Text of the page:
Wednesday, November 21, 2001

Veto on innovation When I worked at Monitor, some consultants there were talking about why quality-of-service over IP would be a good thing. Strategy consultants are generally clueless about technology, and Monitor was no exception. The problem with differentiating between packets is that it encodes our current ideas about future uses of the network into the network itself. So if actual future uses (Napster, ICQ, Hotmail, eGroups, Amazon, open source) turn out to be different from imagined future uses (interactive TV, piped content, video conferencing) society is out of luck, the network will not allow innovation at the ends. The Internet's end-to-end principle enshrines the right to innovate, a fact which is utterly lost on legislators, but well understood by the cable cartel and record industry oligopoly.

Akamai, or any local caching service, is an interesting challenge to the above. Online, it does matter where packets come from because nearby packets come faster than far away packets. An AT&T researcher I spoke with disliked local caching because it violates packet transparency, but I think it's OK to have local networks where end-to-end is violated so long as this is not forced on every user. So the US government can build a secure private network if they want. The cable/telephone monopoly over domestic broadband means these providers should not be allowed to violate the end-to-end principle.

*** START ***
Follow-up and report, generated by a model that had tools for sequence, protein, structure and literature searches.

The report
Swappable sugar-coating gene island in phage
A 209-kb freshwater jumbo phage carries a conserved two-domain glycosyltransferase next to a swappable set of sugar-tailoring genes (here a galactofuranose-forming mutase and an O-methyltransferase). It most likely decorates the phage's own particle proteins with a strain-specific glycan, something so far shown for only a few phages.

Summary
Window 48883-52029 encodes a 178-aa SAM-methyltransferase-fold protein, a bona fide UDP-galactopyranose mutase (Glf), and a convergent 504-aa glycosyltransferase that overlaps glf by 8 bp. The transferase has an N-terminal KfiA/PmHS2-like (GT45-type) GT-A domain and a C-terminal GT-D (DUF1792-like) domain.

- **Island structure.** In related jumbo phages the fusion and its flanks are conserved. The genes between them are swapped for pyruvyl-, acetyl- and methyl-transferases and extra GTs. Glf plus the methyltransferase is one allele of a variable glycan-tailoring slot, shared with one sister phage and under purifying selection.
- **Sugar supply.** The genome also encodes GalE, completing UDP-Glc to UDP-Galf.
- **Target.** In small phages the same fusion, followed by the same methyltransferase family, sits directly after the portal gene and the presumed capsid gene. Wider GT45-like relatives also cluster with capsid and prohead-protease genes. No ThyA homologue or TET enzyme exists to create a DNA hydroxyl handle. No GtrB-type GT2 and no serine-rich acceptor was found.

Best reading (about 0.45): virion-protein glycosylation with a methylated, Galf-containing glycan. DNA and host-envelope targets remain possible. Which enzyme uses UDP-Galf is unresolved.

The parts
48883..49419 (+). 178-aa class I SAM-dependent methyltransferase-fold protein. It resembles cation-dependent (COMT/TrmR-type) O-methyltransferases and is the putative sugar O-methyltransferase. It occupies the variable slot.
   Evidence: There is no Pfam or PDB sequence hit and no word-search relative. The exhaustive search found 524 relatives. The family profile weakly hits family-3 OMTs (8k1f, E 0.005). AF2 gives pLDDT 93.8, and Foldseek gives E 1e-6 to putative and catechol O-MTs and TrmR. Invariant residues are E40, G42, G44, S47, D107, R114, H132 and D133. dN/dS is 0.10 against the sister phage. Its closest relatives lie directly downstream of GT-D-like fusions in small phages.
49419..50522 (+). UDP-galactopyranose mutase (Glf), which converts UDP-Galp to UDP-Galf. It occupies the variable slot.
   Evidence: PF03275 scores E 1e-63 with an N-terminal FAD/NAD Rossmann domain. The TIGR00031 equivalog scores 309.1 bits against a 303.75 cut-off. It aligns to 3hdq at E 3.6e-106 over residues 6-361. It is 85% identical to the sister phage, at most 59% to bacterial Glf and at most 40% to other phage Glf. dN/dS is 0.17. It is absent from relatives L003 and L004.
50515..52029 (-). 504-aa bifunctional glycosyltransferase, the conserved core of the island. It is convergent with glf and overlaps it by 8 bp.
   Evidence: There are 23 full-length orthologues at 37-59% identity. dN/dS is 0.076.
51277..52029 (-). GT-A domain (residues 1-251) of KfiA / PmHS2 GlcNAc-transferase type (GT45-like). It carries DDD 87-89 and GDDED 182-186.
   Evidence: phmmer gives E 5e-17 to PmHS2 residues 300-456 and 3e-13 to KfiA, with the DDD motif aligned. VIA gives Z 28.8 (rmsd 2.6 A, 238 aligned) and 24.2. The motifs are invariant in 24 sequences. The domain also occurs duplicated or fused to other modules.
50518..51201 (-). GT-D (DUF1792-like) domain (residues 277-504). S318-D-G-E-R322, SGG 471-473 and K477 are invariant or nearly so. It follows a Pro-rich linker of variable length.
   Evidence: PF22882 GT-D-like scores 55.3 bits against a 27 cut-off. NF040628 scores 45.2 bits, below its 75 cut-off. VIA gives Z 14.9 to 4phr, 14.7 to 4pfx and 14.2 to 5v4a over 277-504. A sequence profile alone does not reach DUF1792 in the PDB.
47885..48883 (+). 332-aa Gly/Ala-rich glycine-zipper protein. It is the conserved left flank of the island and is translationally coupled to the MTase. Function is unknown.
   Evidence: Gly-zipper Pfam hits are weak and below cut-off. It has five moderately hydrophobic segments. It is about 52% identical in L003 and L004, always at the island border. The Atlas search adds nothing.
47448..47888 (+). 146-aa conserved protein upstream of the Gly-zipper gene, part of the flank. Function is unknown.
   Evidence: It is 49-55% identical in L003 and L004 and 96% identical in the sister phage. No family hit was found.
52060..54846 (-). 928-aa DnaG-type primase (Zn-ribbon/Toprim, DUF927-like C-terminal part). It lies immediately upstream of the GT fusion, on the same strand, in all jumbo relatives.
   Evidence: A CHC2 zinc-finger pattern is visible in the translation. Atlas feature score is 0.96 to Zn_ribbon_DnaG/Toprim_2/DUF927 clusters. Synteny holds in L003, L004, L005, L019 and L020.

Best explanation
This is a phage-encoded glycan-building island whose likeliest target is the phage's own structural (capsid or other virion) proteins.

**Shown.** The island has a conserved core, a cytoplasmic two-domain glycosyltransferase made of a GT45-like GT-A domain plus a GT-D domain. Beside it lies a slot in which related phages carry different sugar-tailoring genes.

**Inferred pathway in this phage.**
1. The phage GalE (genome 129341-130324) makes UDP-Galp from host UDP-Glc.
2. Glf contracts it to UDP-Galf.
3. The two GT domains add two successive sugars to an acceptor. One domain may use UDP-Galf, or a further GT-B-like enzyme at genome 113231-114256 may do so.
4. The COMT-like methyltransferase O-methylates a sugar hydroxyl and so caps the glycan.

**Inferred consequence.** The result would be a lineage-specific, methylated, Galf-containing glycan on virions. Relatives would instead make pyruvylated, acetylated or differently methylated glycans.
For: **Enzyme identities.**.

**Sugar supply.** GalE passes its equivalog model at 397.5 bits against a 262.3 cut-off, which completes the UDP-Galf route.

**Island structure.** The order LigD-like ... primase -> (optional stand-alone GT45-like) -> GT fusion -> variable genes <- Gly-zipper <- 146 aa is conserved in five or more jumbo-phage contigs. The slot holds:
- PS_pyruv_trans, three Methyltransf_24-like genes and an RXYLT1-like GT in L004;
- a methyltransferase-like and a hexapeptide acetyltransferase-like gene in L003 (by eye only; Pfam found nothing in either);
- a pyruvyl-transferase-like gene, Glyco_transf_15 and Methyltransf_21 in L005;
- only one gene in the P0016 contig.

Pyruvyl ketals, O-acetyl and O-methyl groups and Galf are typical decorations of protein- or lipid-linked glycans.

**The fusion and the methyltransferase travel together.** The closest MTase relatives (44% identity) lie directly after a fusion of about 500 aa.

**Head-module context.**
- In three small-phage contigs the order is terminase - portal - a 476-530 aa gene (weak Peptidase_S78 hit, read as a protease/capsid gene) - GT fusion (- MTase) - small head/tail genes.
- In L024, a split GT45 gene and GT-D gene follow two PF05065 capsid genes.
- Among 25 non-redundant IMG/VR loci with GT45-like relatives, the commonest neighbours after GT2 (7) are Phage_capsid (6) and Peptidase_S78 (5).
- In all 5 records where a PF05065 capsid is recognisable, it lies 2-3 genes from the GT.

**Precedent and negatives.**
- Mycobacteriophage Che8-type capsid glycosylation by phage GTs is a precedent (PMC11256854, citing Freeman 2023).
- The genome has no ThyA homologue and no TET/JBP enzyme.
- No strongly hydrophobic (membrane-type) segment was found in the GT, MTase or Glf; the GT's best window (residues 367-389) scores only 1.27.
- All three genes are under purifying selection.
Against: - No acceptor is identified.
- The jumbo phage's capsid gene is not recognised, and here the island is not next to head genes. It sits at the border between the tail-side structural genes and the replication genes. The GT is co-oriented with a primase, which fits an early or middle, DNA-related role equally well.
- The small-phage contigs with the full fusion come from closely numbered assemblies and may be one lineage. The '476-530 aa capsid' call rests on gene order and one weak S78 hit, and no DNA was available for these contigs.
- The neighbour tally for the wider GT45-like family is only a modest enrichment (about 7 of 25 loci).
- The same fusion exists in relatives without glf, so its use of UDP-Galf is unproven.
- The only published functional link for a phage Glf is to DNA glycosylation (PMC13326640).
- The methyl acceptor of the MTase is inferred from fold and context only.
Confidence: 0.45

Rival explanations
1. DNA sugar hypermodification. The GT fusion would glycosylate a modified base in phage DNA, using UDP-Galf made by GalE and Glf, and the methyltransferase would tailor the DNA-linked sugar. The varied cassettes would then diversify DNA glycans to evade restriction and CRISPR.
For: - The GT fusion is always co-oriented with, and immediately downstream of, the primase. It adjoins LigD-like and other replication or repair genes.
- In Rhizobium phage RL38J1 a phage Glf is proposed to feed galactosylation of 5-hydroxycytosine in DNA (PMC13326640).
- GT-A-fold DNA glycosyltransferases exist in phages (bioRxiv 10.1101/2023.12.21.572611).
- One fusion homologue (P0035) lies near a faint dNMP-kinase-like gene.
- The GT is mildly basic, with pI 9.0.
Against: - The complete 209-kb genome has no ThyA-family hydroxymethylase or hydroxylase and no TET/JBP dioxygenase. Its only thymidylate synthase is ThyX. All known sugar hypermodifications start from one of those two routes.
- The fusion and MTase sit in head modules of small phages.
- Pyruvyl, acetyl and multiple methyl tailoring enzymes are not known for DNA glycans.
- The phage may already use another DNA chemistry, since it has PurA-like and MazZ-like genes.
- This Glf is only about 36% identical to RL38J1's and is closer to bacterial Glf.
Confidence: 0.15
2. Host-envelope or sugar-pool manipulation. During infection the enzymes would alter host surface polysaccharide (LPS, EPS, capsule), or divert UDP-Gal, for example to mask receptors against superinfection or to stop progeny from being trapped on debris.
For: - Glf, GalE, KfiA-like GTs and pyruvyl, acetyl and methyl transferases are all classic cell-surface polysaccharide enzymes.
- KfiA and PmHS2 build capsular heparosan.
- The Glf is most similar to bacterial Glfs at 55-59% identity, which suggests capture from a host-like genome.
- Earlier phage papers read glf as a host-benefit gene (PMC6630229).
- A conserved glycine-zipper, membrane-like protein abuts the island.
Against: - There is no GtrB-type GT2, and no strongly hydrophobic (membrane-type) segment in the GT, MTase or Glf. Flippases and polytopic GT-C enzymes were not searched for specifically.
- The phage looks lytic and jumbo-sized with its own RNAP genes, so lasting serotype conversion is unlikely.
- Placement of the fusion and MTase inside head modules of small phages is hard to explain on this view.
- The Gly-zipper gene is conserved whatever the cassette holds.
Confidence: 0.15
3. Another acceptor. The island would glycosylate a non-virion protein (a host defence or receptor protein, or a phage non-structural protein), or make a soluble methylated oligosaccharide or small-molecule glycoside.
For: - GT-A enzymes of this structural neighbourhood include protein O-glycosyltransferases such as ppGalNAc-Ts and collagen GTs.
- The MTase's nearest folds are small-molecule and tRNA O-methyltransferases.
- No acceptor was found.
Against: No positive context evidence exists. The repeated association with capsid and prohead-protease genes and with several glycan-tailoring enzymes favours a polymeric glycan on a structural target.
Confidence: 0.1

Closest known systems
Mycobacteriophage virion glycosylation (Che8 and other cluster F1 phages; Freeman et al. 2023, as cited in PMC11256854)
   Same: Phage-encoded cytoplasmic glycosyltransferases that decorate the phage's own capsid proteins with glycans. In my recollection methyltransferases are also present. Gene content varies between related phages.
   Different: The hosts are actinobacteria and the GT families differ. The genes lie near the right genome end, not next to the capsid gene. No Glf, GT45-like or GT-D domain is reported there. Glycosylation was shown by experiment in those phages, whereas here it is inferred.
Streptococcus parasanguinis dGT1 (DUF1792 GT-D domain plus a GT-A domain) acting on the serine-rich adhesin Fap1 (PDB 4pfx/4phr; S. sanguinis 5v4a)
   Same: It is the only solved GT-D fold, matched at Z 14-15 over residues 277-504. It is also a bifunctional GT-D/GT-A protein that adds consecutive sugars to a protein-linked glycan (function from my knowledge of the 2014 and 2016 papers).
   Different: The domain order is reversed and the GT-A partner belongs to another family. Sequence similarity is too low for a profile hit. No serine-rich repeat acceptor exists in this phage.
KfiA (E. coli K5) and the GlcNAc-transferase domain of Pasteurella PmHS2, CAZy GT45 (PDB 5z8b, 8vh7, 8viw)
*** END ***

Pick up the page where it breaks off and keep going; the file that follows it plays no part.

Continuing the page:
Have a good Thanksgiving! I may not be posting again until next week.


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